• Workload Balancing never powers off servers after it has powered them on.

If you turn on the option to apply power management recommendations automatically, you do so at the pool level. However, you can specify which servers from the pool you want to participate in power management.

Understand power management behavior

Before Workload Balancing recommends powering servers on or off, it selects the servers to transfer VMs to. It does so in the following order:

  1. Filling the pool master since it is the server that cannot be powered off.
  2. Filling the server with the most VMs.
  3. Filling subsequent servers according to which servers have the most VMs running.

When Workload Balancing fills the pool master, it does so assuming artificially low thresholds for the master. Workload Balancing uses these low thresholds as a buffer to prevent the pool master from being overloaded.

Workload Balancing fills servers in this order to encourage density.

 When consolidating VMs on servers in Maximum Density mode, Citrix Hypervisor fills the pool master first, the most loaded server second, and the least loaded server third.

When Workload Balancing detects a performance issue while the pool is in Maximum Density mode, it recommends migrating workloads among the powered-on servers. If Workload Balancing cannot resolve the issue using this method, it attempts to power on a server. Workload Balancing determines which servers to power on by applying the same criteria it would if the optimization mode was set to Maximum Performance.

When Workload Balancing runs in Maximum Performance mode, Workload Balancing recommends powering on servers until the resource utilization on all pool members falls below the High threshold.

While migrating VMs, if Workload Balancing determines that increasing capacity benefits the overall performance of the pool, it powers on servers automatically or recommends doing so.

Important:

Workload Balancing only recommends powering on a server that Workload Balancing powered off.

Design environments for power management and VM consolidation

When you are planning a Citrix Hypervisor implementation and you intend to configure automatic VM consolidation and power management, consider your workload design. For example, you might want to:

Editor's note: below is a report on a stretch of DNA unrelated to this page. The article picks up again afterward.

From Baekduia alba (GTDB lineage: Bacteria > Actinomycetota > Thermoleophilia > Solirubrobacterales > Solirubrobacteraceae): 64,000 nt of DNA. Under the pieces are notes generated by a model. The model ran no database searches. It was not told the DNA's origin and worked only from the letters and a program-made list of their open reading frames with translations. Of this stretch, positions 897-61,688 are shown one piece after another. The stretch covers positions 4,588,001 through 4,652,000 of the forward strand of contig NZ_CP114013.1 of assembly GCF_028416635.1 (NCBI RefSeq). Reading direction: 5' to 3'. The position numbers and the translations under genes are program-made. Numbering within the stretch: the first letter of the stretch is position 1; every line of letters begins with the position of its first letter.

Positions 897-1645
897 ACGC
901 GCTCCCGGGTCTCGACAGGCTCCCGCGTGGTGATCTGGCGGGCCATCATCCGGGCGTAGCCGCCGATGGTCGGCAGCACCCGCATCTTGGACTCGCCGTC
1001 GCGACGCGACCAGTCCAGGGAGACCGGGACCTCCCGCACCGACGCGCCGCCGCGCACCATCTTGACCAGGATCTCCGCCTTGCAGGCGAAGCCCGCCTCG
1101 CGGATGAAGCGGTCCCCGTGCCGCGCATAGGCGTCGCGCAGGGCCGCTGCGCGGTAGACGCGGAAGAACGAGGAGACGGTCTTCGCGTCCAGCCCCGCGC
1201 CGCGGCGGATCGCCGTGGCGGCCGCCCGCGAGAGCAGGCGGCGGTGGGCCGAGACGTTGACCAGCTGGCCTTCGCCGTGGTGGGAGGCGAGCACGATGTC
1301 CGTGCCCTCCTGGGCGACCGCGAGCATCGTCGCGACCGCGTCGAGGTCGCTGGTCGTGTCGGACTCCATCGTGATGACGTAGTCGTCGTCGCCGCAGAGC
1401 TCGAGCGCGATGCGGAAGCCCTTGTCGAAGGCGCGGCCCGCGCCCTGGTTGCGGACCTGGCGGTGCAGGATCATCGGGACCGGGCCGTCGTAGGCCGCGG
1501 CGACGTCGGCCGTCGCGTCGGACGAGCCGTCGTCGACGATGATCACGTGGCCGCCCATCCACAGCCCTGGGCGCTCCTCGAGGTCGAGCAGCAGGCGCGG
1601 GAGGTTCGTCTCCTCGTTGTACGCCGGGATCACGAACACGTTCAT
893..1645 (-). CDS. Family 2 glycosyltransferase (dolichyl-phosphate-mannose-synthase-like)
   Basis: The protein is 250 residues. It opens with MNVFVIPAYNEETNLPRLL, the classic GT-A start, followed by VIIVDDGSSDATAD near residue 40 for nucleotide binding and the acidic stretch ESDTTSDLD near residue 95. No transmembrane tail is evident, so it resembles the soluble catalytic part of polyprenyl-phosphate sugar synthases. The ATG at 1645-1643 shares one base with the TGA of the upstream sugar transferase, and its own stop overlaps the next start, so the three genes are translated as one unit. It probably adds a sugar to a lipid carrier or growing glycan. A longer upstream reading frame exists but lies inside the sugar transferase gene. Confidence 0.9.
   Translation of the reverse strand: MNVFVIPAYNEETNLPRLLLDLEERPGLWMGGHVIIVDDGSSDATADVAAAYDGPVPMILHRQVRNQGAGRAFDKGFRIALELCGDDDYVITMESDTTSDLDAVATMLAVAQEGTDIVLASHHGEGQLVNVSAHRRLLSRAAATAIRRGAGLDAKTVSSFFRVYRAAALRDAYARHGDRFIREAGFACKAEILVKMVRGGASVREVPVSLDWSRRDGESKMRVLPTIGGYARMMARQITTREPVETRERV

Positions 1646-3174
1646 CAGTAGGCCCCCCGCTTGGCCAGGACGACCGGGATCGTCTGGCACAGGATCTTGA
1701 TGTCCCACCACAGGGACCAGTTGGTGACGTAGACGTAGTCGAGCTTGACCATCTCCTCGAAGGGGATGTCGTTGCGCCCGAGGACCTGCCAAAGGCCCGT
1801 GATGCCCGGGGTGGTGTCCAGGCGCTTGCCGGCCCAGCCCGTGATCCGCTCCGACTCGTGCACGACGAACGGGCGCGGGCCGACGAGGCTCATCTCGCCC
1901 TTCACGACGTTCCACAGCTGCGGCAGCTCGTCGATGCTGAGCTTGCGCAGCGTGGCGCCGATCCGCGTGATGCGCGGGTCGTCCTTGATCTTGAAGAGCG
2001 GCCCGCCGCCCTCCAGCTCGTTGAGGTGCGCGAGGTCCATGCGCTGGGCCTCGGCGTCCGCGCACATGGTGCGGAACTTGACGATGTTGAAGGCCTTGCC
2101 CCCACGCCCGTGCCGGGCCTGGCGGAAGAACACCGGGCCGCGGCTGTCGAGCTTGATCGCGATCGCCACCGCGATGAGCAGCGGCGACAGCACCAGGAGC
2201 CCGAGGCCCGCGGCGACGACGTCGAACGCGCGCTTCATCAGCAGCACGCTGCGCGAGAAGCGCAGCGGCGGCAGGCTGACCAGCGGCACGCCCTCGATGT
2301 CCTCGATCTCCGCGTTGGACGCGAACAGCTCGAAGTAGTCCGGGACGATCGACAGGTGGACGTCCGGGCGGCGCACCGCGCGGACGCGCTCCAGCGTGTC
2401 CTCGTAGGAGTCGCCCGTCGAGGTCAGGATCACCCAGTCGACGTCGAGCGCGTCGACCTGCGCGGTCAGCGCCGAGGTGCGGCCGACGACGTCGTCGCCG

• Place different types of workloads in separate pools.

    If you have an environment with distinct types of workloads, consider whether to locate the VMs hosting these workloads in different pools. Also consider splitting VMs that host types of applications that perform better with certain types of hardware into different pool.

    Because power management and VM consolidation are managed at the pool level, design pools so they contain workloads that you want consolidated at the same rate. Ensure that you factor in considerations such as those discussed in Configure advanced settings.

  • Exclude servers from Workload Balancing.

    Some servers might need to be always on. For more information, see Exclude servers from recommendations.

Understand when Workload Balancing makes recommendations

Workload Balancing continuously evaluates the resource metrics of physical servers and VMs across the pools it is managing against thresholds. Thresholds are preset values that function like boundaries that a server must exceed before Workload Balancing can make an optimization recommendation. The Workload Balancing process is as follows:

  1. Workload Balancing detects that the threshold for a resource was violated.

  2. Workload Balancing evaluates if it makes an optimization recommendation.

  3. Workload Balancing determines which servers it recommends function as the destination servers and in what order to make any optimizations. A destination server is the server where Workload Balancing recommends relocating one or more VMs.

  4. Workload Balancing makes an optimization recommendation.

When evaluating servers in the pool to make an optimization recommendation, Workload Balancing uses thresholds and weightings as follows:

  • Thresholds are the boundary values that Workload Balancing compares the resource metrics of your pool against. The thresholds are used to determine whether to make a recommendation and what servers are a suitable candidate for hosting relocated VMs.

  • Weightings are a way of ranking resources according to how much you want them to be considered, are used to determine the processing order. After Workload Balancing decides to make a recommendation, it uses your specifications of which resources are important to determine the following:

    • Which servers’ performance to address first